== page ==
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As a perceptive Vulcan once observed, “It is far easier for civilized men to behave like barbarians, then it is for barbarians to behave like civilized men.”
The same might be said, in reverse, for the insane…or at least for Garth of Izar. Oh, he was insane, but his insanity did not manifest itself in the flamboyant, openly psychotic mannerisms that he had adopted on his arrival at Elba II. He had not hidden his intentions…he would take over the universe by right of conquest…but by playing a flamboyant role he had cowed his fellow inmates and bent them to his will. By his quicksilver moods and temper tantrums he had also succeeded in reducing the respect for him of the guards and medical staff, who saw him simply as a posturing fool.
Except for Dr. Evangeline. She had listened to his monologues, to his soliloquies about the universe and his place in it…and she had believed. To her he had been as a god…she had been among the first of his converts.
And now this girl…this Katya Landau…would become one, too.
It was galling, of course, to walk among these ants, these inferiors, to have to play these roles…but it had to be done…but once he had achieved his rightful place…he would cast aside these shackles and….
“I guess I do feel a little sad,” admitted Katya.
Garth blinked, and returned his attention to the girl. “What….what?”
“Well, who wouldn’t, orbiting a place like this?”
“Oh, yes,” said Garth, bringing himself back to the task at hand. “Elba II, home to the most incorrigibly criminally insane in the universe.”
“Not even that, although that’s depressing, of course. But to think that Garth of Izar is down there…”
Garth raised an eyebrow. “You’ve heard of Garth of Izar?”
It was her turn to stare at him in surprise. “Everybody has! Garth of Izar! We studied him at the academy.”
“Not him,” murmured Garth. “You studied his strategies…his battles…the famous battle of Axanar where he made his reputation.”
Katay nodded. “That’s true. But I’ve found out stuff about him since. Did you know he was actually born on Axanar?”
Garth’s eyes flared briefly. “You are incorrect,” he said, very quietly. “Garth was born on the planet Izar.”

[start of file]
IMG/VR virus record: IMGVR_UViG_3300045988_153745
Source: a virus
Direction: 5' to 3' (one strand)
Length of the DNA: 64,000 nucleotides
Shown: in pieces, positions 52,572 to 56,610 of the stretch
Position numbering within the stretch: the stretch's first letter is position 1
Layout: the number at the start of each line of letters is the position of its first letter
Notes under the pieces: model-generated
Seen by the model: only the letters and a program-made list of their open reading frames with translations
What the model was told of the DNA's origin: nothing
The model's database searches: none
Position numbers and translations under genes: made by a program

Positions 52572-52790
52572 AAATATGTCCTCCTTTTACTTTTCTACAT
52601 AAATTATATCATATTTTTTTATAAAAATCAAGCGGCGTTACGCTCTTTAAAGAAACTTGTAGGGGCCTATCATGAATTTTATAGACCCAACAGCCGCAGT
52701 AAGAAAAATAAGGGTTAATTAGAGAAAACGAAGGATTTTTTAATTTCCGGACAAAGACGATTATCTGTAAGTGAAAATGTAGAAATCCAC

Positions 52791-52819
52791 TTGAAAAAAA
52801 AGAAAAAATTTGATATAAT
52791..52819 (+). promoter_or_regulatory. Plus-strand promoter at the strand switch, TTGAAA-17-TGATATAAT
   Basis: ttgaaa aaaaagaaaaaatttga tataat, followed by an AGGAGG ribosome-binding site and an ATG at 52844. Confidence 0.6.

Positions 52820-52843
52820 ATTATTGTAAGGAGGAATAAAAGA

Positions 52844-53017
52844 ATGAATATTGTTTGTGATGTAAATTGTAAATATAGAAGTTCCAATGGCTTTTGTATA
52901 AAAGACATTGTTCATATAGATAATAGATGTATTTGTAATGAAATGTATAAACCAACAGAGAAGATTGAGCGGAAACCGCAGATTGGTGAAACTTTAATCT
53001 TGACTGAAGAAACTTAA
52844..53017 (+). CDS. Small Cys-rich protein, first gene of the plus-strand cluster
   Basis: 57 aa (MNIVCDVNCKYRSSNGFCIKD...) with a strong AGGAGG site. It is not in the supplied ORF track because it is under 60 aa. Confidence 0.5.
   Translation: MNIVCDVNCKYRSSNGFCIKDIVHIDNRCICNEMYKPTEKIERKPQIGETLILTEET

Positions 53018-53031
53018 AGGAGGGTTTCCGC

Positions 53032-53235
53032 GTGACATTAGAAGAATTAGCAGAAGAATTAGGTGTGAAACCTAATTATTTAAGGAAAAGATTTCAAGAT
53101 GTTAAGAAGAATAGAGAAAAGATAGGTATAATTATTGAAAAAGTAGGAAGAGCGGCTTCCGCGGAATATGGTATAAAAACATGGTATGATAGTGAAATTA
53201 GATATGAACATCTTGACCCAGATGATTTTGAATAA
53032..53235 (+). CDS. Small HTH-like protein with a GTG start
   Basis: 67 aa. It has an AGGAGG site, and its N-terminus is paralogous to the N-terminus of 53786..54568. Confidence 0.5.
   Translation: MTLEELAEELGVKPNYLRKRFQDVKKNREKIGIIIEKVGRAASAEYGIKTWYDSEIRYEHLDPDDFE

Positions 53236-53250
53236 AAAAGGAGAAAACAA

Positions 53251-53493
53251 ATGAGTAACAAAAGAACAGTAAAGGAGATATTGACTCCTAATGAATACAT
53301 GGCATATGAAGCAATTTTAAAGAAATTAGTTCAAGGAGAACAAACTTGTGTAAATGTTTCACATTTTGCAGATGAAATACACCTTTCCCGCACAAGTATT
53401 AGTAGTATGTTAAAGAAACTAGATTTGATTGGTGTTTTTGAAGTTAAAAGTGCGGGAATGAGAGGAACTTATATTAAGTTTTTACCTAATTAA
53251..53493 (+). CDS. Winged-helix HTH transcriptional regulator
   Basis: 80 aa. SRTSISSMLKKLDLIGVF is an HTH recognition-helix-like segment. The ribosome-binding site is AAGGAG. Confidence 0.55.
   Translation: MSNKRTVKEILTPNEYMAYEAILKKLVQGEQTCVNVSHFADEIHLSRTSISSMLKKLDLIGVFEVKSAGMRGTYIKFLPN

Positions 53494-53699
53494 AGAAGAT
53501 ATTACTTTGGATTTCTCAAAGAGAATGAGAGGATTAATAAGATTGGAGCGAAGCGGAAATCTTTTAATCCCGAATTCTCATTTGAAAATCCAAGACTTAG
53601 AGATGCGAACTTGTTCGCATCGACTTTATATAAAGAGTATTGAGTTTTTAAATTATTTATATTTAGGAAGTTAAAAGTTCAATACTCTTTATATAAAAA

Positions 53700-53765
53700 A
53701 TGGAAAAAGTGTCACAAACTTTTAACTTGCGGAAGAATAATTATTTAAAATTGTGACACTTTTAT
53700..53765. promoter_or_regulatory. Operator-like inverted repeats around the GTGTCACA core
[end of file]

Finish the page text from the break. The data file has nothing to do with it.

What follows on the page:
She shook her head. “No…no he wasn’t. He was born in a little village called Izar, on Axanar.”
A fin of rage poked up out of the black waters of Garth’s mind. He jumped to his feet, and seizing her wrist, pulled Katya to her feet also. “Where’s your proof?” he demanded.
Katya stared at him in surprise, as he punched a button that caused a computer screen to rise up out of one of the tables in the observation chamber. (They were all equipped with them.)
“Show me,” he said.
“What’s the matter?” laughed Katya. “Have you been writing your thesis on Garth, or something? You’re not going to find the truth in the computer system. Electronic books can be rewritten easier than anything, you know.”
“Yes,” said Garth, with a quick smile. “That’s true. That is very true. But…I must admit I am somewhat disconcerted. Of a thousand people on this ship, I sit next to the one person who knows that Garth was born on Axanar.”
“Oh, no, everyone knows,” said Katya carelessly.
Garth felt like he was going insane. (The irony of that feeling was lost on him.) He forced himself to speak calmly.
“How do they know? Explain this to me!”
“Well, I shouldn’t say everyone,” admitted Katya. “Probably just everyone in my jetpack group. The Pit Boss told us.”
“The Pit Boss?”
“That’s just what we call him,” Katya said with a grin. “We have a weekly poker game – my jetpack group, that is – the Boss is the only one who won’t play. So we just call him the Pit Boss. Anyway, his father was actually one of the marines who fought on Axanar. And he brought back a book...a printed book…they still had those on Axanar back then. And it says that Garth had been born there. I’ve seen it with my own eyes.”
“I see,” said Garth. Each word dropped like a piece of ice.
“I’ve often wondered who was responsible for this rewriting of history,” Katya admitted. “The Federation let down Axanar badly, and then Garth came in to save the day. Saves the Federation fleet only to find out that his entire planet is destroyed, all his people, killed.”
Garth was very, very still.
“So did the Federation rewrite the reference books, change Garth’s birthplace, so it wouldn’t seem…I dunno, quite so tragic? Or did Garth ask that it be done himself? I mean, it would have been galling, wouldn’t it, everyone complementing him on his success at the Battle of Axanar, and then saying, in low tones, “too bad about the planet and your family, though. You’re coping very well.” So he has them change the references to where he was born, so he doesn’t have to put up with that stuff.”
“Yessss,” said Garth.
“As a matter of fact,” continued Katya, “I don’t think it was his later accident that drove him mad, at all. I think it happened the day he beamed down onto what was left of Axanar. Well…the seeds of it were sewn then, anyway.”
“How perceptive of you, Katya,” murmured Garth, looking at her with his cold grey eyes.
Katya looked at him searchingly. “Are you alright? Don’t tell me, you are writing a thesis on Garth, aren’t you!”
Garth laughed. “No, not at all. But I wonder…would you mind introducing me to this Pit Boss of yours? I would very much like to meet him.”
Katya looked at her chronometer. “He’s off duty, too. I think he spends his time in Library Four about now. Let’s go.”
They turned toward the door, then suddenly Garth swung back. He watched, incredulously, as the aspect outside the rear observation window changed. The Enterprise had turned so that the beautiful green…and ironically poisonous….atmosphere of Elba II loomed large in their sights. And then suddenly it began to drop away, as the ship left orbit in a hurry.
Katya stared out with him. “That’s odd,” she murmured. “I thought we were here for another forty-eight hours. I wonder what’s going on.”
“Yes,” said Garth very quietly. “So do I.”